*       *       *       *       *
 
Thank you for taking the time to answer my questions, Jaimie.
 
Kismetolgy is out now.

Tuesday, 15 January 2013

Kismetology by Jaimie Admans



Mackenzie Atkinson has recently moved in with her boyfriend of two years but living with Dan isn't proving to be quite the dream they envisioned. There are plenty of cosy nights in but unfortunately Mackenzie's mother invites herself along for most of them, bringing her dog, Baby, with her.

Although her mother's near-constant presence is frustrating, Mackenzie knows the reason Eleanor visits so often is because she has been lonely since Mackenzie moved out. The solution to Mackenzie and Dan's problem seems simple enough - they just have to find Eleanor a man to share her life - and her Coronation Street viewing - with.

Mackenzie doesn't want to set her mother up with just anybody so she begins a thorough vetting process to find the ideal man for Eleanor. The only downfall is Eleanor's fussiness and setting her up isn't as simple as it first appeared.

Kismetology is a light-hearted read, which I found amusing as Mackenzie meets disastrous man after disastrous man in the hope of finding love for her overbearing mother. Each potential date seems to be worse than the last but it was fun to watch their bizarre traits unfold. Despite Eleanor taking interfering to the next level, I quite liked her as a quirky character, especially coupled with her over-indulged dog, Baby. I could see why Mackenzie needed a bit of space but didn't feel she could simply ask her to back off.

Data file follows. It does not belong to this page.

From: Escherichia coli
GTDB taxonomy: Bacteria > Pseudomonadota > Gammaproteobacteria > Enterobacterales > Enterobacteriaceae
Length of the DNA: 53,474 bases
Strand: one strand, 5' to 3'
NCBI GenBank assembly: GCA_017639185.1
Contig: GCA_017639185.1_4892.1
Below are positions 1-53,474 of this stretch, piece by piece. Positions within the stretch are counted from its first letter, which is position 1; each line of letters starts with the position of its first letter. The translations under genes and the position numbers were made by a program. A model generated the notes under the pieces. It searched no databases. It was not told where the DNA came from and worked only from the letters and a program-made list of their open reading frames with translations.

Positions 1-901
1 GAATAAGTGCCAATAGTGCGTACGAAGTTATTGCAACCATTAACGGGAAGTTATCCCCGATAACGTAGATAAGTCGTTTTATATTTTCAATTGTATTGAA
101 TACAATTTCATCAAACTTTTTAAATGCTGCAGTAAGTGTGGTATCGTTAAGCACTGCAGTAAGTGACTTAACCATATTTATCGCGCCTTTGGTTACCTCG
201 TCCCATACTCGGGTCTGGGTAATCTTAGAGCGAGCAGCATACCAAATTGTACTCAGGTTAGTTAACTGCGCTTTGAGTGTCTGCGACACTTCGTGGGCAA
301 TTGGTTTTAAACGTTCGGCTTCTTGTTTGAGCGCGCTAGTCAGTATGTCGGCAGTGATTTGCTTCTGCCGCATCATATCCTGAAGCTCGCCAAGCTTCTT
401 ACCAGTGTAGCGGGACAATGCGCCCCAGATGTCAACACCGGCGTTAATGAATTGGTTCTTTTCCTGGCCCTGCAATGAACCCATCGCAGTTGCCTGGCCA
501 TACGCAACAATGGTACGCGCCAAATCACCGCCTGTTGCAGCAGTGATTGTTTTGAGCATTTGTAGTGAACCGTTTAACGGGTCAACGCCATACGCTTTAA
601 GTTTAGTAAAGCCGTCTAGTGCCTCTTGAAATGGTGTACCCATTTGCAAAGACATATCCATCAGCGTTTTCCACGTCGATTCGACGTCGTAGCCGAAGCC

Kismetology is an entertaining book about finding love with more than a few comical bumps along the road to happily ever after.


Thank you to Jaimie Admans for providing me with a copy to review. I will be chatting to Jaimie on Thursday.

Thursday, 10 January 2013

A Chat With Anna Bell


Don't Tell The Groom is the tale of gambling addiction and dream weddings. When Penny realises she's lost a huge chunk of their wedding fund through online bingo, she decides to play her own version of the tv show Don't Tell The Bride and plan the wedding in secret, keeping fiance Mark in the dark about the details of their wedding and her gambling addiction.
 
You can see my review for Don't Tell The Groom here and author Anna Bell has kindly agreed to answer a few questions.

 


When did you realise you wanted to become a writer?

After a failed interview for the TV show The Apprentice a few years ago, I walked by Random House with my husband and I drunkenly pointed at the building and said ‘one day they’re going to publish my book’. It was the first time I had told him that I harboured secret writing fantasies, and I expected him to laugh at me. Instead, he said that he’d found my Apprentice application really funny and that I should try and write a book. So I did.

Why did you decide to self-publish your novels?